In last week’s post, I made a comparison between the prices of Cannabis available legally in Brazil. Based on the data collected directly on the websites of selected importers and manufacturers, I pointed out that there is practically no difference in values when comparing the national product with the imported one. The statement is in fact counter-intuitive, which generated great repercussion and some controversy. The main reason for criticism concerns the legal and economic nature of cannabinoid suppliers. Those who criticized the text believe that I was not emphatic enough to report that the only national representative on the list is an NGO and not a company.
In the post, I wrote: “I made a survey of the prices practiced by some of the main cannabinoid importers in Brazil and also by Abrace, a patient association based in João Pessoa (PB), which grows its plants and produces Cannabis derivatives locally.”. The information was there, but I recognize that the reservation deserved more emphasis and contextualization, to avoid comparisons taken literally, or better, numbers. As I also wrote that “the survey below does not claim to be a definitive analysis of the Brazilian market, but rather to serve as an initial reference… ”, I return to the subject and make new provocations to the market and its regulators.
When I set out to research prices, I didn’t know what I would find. Like many people, I was also surprised by the result and, precisely for this reason, I took him to the post’s title. But we must go beyond what the first assessment tells us and ask the fundamental question: why does this happen? Many felt it was unfair to compare an NGO with multinational companies, which receive millionaire investments and can charge more attractive prices to conquer the market. For an NGO, funding comes mainly from its associates, patients and donors. The funds obtained are, as a rule, reinvested in the maintenance and eventual expansion of the entity itself. In this perspective, instead of evaluating price at price, we must recognize that, despite its limited economic power, the Paraiba association is extremely efficient and manages to offer products of proven effectiveness at competitive prices, even when compared to those of the pharmaceutical industry.
Another way to analyze the issue is to include Mevatyl in the equation. The only cannabis-based medicine that is already registered in Brazil, the product has been marketed since 2018 in packs of three 10ml ampoules at an average cost of R $ 2,700. Each milliliter of Mevatyl contains 52mg of cannabinoids (27mg of THC + 25mg of CBD). In the price / concentration account, the cost of the Mevatyl cannabinoid milligram is R $ 1.73, which makes it the most expensive among all the products surveyed. We return to the question: why does this happen? And more: will prices rise from March, when the regulation changes and new products can be registered in Brazil and sold in pharmacies, as is Mevatyl?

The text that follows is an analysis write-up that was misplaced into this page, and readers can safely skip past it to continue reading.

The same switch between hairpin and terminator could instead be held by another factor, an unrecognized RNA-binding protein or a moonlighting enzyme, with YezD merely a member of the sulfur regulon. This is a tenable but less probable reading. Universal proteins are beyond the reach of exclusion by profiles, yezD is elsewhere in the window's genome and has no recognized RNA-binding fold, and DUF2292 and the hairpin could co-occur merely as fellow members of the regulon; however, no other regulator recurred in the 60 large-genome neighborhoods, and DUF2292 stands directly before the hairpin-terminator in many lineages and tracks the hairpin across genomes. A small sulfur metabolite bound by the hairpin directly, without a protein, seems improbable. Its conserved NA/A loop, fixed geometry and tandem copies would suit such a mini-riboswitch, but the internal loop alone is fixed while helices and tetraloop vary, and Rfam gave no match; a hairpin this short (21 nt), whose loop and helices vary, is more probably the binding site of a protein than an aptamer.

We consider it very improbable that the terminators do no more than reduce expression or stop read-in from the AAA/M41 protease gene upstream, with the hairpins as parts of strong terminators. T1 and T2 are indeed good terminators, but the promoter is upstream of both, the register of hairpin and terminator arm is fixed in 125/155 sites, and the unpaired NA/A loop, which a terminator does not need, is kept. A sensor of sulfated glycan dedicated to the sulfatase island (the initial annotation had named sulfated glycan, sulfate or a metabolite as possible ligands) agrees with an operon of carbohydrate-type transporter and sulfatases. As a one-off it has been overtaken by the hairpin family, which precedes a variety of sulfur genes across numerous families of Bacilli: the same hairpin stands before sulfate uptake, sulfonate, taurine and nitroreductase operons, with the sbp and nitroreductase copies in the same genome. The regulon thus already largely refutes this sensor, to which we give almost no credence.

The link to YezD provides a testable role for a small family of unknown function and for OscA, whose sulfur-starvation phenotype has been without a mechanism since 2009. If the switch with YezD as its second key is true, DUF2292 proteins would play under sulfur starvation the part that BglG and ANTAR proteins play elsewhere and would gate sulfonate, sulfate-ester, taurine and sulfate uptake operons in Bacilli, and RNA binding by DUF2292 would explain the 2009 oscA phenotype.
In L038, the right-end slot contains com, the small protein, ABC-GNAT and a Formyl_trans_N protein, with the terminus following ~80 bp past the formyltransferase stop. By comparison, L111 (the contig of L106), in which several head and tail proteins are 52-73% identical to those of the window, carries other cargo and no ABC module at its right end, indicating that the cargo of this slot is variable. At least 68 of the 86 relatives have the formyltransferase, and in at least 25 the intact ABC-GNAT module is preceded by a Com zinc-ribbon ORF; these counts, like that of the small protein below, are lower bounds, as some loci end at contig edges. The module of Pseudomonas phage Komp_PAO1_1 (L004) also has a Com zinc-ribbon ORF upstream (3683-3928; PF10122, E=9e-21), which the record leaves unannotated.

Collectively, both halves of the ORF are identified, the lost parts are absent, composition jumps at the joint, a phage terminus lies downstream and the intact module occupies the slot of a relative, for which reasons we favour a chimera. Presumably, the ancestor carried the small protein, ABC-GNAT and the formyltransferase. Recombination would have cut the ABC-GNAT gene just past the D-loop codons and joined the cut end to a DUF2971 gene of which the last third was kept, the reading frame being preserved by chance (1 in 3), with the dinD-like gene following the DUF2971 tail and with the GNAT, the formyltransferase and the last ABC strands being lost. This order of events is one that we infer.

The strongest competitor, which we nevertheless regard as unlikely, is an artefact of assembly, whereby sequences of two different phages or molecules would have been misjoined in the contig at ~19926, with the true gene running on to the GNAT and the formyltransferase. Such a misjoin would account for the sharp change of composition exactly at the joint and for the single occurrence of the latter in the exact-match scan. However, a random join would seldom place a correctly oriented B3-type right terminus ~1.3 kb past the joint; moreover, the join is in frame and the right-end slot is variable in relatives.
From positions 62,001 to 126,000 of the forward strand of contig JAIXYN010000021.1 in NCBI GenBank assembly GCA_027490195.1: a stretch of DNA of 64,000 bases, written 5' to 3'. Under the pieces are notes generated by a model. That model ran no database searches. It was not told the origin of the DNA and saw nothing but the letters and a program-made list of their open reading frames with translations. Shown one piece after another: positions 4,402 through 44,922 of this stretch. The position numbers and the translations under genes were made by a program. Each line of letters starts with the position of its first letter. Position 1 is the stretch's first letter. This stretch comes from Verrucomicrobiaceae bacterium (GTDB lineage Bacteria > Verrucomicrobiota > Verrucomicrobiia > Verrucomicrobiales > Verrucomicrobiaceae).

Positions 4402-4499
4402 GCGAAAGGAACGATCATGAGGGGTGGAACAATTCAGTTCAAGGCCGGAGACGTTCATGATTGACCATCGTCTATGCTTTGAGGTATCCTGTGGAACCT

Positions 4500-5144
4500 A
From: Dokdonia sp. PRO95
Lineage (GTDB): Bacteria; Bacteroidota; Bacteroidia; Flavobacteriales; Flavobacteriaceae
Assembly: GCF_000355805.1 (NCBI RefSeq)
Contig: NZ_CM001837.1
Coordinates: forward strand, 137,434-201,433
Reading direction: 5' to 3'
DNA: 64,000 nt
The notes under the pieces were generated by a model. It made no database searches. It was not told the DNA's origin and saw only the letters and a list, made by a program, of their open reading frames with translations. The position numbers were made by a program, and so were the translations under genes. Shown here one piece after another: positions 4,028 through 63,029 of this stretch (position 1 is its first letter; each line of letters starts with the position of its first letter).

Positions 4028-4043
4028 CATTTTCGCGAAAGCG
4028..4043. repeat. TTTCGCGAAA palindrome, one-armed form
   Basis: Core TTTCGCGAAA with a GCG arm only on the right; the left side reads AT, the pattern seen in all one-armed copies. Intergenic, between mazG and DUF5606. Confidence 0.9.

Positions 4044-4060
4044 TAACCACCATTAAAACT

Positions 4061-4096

So far, this is the main difference between the imported ones: one is sold at the pharmacy, the others are brought from abroad with authorization from Anvisa. What will happen when new products are sold in pharmacies: will their prices go up or will Mevatyl become cheaper? Another doubt that we should see resolved soon will be the price charged, then yes, for a product 100% national and produced by an industry and not by an NGO. Here I refer to the expected medicines from Entourage Phytolab, the only company authorized to import raw materials in natura and producing cannabinoid drugs in the country. The expectation is that these products reach the market later this year.
All of these questions are far from trivial and are intrinsically linked to the regulations that we have been able to approve so far. As I also wrote, the rules approved by Anvisa are extremely favorable to the imported product and to the large industry (and also to the illegal market, but this is the subject of a next post). It is not possible to cultivate legally in Brazil and, in the proposals that aim to authorize cultivation, security requirements are foreseen that would practically make investment impossible due to the high costs and commitment of initial capital. That is, importing may continue to be cheaper. Buy from the dealer, too.
Finally (for the purposes of this post, not the subject), it is worth noting that not all health professionals who study and prescribe medical cannabis agree with the price comparison based on concentration (R $ per milligram of total cannabinoids in the bottle), widely used in the United States. For many conditions, products with lower concentrations are even more effective than the most potent. Exaggerating the dose can bring undesirable effects and even aggravate the condition that was intended to treat, as I have heard from several doctors and patients. Thus, bottles with more accessible prices, such as those sold by associations, even though they bring lower concentrations of cannabinoids, can make a difference in the lives of thousands of people and guarantee access to treatment for a much larger portion of the population.
I would like to thank everyone who spoke on the subject and I invite you to maintain the high level of debate that we are trying to stimulate here. I have learned many things in the last few days and I believe that this is how we should walk. It is not just us Brazilians who are learning to deal with this plant again, known for millennia by humanity, but hidden from society for so many years. The whole world is facing the challenge of regulating its use and the principles to be pursued must be freedom, inclusion and health.